Space and Place

Authored by: Barbara E. Mann

The Routledge Handbook of Contemporary Jewish Cultures

Print publication date:  September  2014
Online publication date:  July  2017

Print ISBN: 9780415473781
eBook ISBN: 9780203497470
Adobe ISBN: 9781135048556

10.4324/9780203497470.ch14

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Abstract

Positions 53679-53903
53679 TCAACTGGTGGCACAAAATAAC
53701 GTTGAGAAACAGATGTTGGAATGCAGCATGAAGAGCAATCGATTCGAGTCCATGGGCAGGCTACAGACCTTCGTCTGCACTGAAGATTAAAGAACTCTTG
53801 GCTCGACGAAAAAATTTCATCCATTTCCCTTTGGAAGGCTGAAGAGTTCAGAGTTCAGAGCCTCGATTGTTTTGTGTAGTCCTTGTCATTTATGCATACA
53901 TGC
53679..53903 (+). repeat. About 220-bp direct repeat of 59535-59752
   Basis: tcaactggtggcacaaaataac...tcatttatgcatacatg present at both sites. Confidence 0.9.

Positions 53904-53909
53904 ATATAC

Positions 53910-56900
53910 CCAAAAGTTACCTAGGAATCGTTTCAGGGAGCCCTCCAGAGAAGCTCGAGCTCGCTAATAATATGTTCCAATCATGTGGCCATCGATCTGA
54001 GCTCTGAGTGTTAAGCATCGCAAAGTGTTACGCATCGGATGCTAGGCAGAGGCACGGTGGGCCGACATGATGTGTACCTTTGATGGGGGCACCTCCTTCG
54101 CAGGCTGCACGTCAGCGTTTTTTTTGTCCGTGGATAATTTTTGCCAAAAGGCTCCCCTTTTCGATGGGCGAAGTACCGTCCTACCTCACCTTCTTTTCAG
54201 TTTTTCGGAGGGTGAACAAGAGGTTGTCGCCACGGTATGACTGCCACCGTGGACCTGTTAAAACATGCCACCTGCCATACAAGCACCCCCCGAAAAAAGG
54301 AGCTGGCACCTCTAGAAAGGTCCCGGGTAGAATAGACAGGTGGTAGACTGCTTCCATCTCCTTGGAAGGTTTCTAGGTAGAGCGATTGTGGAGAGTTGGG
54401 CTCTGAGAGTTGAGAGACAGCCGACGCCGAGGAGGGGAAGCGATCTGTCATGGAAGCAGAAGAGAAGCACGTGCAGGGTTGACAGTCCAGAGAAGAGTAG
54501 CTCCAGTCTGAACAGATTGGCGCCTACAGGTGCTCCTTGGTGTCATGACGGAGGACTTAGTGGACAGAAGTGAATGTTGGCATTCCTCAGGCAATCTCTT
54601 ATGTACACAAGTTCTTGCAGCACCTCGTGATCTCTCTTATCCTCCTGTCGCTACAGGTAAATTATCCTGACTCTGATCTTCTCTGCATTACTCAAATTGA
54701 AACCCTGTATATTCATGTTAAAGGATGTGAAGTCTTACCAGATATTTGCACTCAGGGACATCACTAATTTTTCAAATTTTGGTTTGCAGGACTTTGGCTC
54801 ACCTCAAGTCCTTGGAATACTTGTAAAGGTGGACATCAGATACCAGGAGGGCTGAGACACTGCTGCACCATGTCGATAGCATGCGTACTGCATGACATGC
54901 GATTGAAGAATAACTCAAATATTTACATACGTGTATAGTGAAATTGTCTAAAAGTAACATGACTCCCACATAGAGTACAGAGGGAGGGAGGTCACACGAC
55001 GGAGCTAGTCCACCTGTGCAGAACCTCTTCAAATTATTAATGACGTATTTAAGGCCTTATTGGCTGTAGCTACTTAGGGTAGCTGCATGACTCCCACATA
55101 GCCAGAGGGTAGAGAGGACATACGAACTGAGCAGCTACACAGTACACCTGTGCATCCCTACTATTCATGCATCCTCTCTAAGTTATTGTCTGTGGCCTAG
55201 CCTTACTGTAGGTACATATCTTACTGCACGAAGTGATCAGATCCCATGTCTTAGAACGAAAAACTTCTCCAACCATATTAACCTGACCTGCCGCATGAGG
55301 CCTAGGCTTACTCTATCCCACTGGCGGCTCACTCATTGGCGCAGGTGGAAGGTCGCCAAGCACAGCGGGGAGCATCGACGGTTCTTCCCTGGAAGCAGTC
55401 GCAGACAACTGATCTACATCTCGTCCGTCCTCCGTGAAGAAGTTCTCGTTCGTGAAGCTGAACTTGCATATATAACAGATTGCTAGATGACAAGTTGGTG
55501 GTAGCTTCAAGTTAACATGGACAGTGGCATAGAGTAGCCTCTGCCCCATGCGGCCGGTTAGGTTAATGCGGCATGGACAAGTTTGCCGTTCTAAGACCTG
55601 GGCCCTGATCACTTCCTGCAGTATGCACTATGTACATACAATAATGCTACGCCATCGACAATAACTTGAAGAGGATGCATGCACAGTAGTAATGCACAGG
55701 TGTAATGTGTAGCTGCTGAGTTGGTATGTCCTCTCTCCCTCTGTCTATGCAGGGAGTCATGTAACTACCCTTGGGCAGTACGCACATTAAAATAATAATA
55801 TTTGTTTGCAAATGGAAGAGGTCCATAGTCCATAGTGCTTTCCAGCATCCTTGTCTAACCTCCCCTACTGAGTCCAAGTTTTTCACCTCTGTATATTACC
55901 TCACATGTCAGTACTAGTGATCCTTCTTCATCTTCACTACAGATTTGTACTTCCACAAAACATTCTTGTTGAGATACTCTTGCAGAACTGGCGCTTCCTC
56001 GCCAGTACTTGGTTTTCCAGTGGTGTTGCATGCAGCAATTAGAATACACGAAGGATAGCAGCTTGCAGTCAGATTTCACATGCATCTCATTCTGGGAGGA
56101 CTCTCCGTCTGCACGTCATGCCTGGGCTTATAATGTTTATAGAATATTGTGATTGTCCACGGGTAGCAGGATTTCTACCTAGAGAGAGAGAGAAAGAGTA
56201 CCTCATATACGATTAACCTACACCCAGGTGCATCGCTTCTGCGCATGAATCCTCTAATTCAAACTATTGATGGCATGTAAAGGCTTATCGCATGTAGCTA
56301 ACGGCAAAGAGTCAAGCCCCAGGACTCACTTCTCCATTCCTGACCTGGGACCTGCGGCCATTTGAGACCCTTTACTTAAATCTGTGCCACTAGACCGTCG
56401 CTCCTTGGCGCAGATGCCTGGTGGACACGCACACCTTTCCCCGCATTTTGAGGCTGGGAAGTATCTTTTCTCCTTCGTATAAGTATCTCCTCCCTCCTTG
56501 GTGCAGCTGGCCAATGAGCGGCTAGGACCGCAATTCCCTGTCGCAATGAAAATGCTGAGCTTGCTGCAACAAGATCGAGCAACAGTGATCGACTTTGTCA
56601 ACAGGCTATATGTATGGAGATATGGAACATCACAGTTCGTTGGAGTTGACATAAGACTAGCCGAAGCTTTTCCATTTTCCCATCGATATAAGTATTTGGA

The term makom in Hebrew may be translated, in deceptively simple fashion, as “place.” As in English, the word has both concrete and abstract significance, and may also be used metaphorically, as in “to know one’s place,” in a social, relational sense. Yet Hebrew usages of makom potentially bear another, more hidden burden, due to a special meaning of the term in Jewish tradition, where makom is also used as a synonym for God. This usage originates in a midrashic gloss on the book of Genesis: “Why is the Holy One, blessed be he, called Makom? Because he is the place of the world” (Genesis Rabbah 68: 8). Perhaps the rabbis who produced this text felt themselves to be in some sort of exile, and therefore invested space with transcendence, and God with the materiality of place. 1 This midrash refers specifically to the use of the term makom in the Jacob story, itself a classic tale of wandering. Jacob’s journey from place to place, from Paddan Aram (28: 5) through Beer Sheva and Haran (28: 10), into the land of bnei kedem (literally, sons of the East) (29: 1) and eventually back home through Machanayim (32: 3), is itself an attempt to find his own place, in social and familiar terms. His journey, of course, echoes that of his grandfather Abraham, who inaugurated the national drama with God’s command to “go forth from your land, from your birthplace, and from your father’s house to the land that I will show you” (12: 1). This process of identity formation occurs in relation to movement toward and from particular locations. At the beginning of his travels, Jacob “came upon a certain place and stopped there for the night.… Taking one of the stones of that place, he put it under his head and lay down in that place” (28: 11). The dense, repetitive patterning of the word makom (three times in a short, fifteen-word verse) alerts the reader that a moment of divine revelation approaches. In the very next verse, Jacob dreams of a ladder reaching to heaven, and of God “standing beside him,” announcing the terms of the covenantal promise with Jacob, his ancestors, and his descendants. When Jacob awakes, he again notes the sacred quality of makom: “‘Surely the Lord is present in this place, and I did not know it!’ Shaken, he said, ‘How awesome is this place! This is none other than the abode of God’” (28: 16–17). And so Jacob names the place “Bethel” (Bet-El), literally, “house of God,” the place where God is housed.

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